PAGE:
The Chatter

Long-Awaited Baltimore Food Hub Breaks Ground in East Baltimore

Communal food campus to provide job training, commercial kitchens, and urban farming.

By Lauren Cohen | September 20, 2016, 4:53 pm

-Courtesy of Ziger/Snead
The Chatter

Long-Awaited Baltimore Food Hub Breaks Ground in East Baltimore

Communal food campus to provide job training, commercial kitchens, and urban farming.

By Lauren Cohen | September 20, 2016, 4:53 pm

-Courtesy of Ziger/Snead

The cluster of dilapidated masonry buildings that sits swallowed in untamed vines on the corner of East Oliver and North Wolfe Streets will soon become a destination for economic opportunity in East Baltimore.

Though it’s been nearly five years since plans were announced to transform the old Eastern Pumping Station site into Baltimore Food Hub, a ground-breaking ceremony held earlier today officially kick started the $23.5 million redevelopment. The project will eventually yield a 3.5-acre campus with job-training facilities, communal incubator space, and an excess of land to be dedicated to urban farming.

Members of American Communities Trust (ACT)—the national development partner overseeing the redesign alongside local workforce nonprofit Humanim—were joined by upwards of 75 local community leaders and Broadway East residents to celebrate the milestone, as trains whizzed by on the adjacent Amtrak line overhead.

Among those in attendance were City Council President Bernard C. Young, U.S. Assistant Secretary of Commerce for Economic Development Jay Williams, ACT board president Bill Struever, Maryland State Delegate Maggie McIntosh, and Mayor Stephanie Rawlings-Blake, who has made food justice a top priority throughout her administration.

“The food hub is a perfect example of what happens when purpose meets planning,” Rawlings-Blake said. “This site has been considered the front door to Baltimore that you see when you’re travelling by Amtrak. This is a critical component to making that entryway vibrant and vital, and it’s a true reflection of the future of our city.”

The socially conscious campus, which is expected to debut its first phase as early as summer 2017, will provide space for budding food businesses to thrive with amenities like a licensed commercial kitchen, tools for production and distribution, flexible office space for food companies and nonprofits, headquarters for food trucks, and its own teaching garden to be used to educate youth about urban agriculture—a model based off of chef Alice Water’s acclaimed Edible Schoolyard project.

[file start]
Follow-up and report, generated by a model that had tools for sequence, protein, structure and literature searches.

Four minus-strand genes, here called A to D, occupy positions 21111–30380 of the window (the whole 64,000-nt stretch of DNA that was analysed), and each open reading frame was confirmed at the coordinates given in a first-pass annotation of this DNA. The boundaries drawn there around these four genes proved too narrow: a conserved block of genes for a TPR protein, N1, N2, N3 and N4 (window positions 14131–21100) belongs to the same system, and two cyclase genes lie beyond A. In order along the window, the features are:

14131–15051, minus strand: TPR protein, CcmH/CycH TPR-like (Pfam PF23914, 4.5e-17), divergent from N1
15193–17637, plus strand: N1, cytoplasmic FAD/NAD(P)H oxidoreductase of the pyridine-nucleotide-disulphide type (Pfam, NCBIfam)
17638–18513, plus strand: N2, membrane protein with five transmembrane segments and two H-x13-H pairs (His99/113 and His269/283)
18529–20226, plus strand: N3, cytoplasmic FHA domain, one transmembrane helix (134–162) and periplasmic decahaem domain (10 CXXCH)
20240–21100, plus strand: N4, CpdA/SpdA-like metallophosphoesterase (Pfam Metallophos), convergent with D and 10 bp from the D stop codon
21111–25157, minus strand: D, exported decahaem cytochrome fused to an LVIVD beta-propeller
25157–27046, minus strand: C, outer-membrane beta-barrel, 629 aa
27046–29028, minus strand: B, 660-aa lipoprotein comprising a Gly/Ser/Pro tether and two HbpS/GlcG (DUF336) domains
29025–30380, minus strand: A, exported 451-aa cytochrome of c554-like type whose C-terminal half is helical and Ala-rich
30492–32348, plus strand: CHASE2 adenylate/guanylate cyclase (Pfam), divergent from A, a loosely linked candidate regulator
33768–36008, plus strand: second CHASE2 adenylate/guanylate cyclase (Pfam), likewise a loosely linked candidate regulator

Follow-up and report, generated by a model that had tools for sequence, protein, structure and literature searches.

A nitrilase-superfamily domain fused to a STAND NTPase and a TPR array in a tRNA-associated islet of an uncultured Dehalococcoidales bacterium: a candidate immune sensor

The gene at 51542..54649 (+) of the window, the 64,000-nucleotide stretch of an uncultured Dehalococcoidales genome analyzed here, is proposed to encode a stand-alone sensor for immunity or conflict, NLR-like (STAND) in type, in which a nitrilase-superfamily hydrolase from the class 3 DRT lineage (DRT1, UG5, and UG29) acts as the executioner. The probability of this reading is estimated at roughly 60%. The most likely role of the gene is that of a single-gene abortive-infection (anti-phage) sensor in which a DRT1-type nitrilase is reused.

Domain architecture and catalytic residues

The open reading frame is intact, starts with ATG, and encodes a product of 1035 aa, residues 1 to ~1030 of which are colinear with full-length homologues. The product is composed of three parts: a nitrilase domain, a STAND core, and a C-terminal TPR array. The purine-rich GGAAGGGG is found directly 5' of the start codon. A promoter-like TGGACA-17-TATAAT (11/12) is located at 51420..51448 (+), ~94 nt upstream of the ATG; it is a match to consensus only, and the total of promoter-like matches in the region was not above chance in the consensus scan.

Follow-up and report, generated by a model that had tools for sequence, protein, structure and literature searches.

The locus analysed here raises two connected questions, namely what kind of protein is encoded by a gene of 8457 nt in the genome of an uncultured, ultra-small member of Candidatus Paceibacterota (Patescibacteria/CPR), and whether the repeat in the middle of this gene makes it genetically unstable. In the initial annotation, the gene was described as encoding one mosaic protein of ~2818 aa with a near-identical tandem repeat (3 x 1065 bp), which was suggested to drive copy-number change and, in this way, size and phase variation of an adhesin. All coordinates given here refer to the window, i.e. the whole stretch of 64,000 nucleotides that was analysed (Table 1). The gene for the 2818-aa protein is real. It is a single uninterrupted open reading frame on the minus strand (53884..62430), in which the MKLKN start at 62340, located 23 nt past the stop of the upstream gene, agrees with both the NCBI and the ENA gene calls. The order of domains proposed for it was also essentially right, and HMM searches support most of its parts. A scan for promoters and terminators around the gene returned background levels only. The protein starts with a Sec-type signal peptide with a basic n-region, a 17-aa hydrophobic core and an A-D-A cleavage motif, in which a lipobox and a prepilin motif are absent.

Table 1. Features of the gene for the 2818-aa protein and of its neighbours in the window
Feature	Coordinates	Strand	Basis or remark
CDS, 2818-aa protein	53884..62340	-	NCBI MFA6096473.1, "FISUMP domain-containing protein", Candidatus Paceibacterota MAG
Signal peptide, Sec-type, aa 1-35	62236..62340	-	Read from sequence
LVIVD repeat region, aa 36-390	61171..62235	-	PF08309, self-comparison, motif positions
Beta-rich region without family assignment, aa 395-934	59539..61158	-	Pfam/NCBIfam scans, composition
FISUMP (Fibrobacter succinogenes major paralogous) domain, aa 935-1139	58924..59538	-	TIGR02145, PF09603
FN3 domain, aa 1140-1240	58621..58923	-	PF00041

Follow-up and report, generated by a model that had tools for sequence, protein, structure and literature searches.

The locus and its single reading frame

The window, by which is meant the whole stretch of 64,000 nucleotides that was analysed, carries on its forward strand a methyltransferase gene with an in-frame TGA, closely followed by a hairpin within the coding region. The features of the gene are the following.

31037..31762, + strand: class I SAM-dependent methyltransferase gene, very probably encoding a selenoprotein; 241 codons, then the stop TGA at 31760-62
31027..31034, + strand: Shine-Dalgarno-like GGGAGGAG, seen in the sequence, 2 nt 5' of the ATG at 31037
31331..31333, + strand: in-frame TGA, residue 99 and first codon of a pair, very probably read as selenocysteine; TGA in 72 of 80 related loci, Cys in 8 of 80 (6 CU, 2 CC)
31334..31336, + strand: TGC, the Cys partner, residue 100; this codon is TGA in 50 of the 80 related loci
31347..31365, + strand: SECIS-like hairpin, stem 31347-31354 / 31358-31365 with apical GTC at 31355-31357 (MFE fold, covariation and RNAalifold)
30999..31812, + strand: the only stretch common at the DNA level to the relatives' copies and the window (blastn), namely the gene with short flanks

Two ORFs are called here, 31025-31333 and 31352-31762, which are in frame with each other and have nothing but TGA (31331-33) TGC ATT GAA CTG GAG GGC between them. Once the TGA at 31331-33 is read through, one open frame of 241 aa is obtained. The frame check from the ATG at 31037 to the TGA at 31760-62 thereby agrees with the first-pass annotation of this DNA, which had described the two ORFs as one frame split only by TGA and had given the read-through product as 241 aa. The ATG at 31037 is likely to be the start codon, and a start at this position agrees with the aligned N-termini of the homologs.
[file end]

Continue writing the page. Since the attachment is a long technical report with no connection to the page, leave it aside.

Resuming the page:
As a part of the larger effort to eliminate the city’s food deserts, the hub will also be equipped with its own all-season food stand and garden center, which will be easily accessible to the public.

“This is a project that will empower the individuals within this community without displacing them,” Williams said. “It will make sure that the young men and women and senior citizens that inhabit this neighborhood don’t have to travel miles on the bus line or try to find a ride to get healthy, accessible food.”

The 15,000-square-foot kitchen incubator on site has been fully leased by City Seeds, Humanim's culinary arm that specializes in job training for small food startups. Humanim itself will operate Baltimore Food Hub's signature teaching kitchen, which will offer a number of community education and workforce development programs for city residents.

The groundbreaking comes at a significant period of regrowth for East Baltimore, which has recently introduced other socially minded projects including communal incubator space Open Works and the redevelopment of the historic Hoen & Co. Lithograph building in Collington Square.

“It’s not an accident, they’re all connected,” McIntosh said. “We need to continue the process of redeveloping these blighted areas to really grow the new economy.”

Also in attendance at the press conference was Reverend Donté L. Hickman Sr., who is certainly familiar with the concept of revitalization after his church-sponsored senior center, which has since been rebuilt, was burned down during the Baltimore Uprising.

“In the early 2000s, there was an article written that said that this was a neighborhood ‘dubbed without hope,’” Hickman said. “I always took issue with that particular article, because so many people who lived, and still live, here never lost their hope that this community could experience revitalization. I always considered it to be a neighborhood without help.”




Meet The Author

Lauren Cohen is the digital senior editor at Baltimore, where she covers food, events, lifestyle, and community news.



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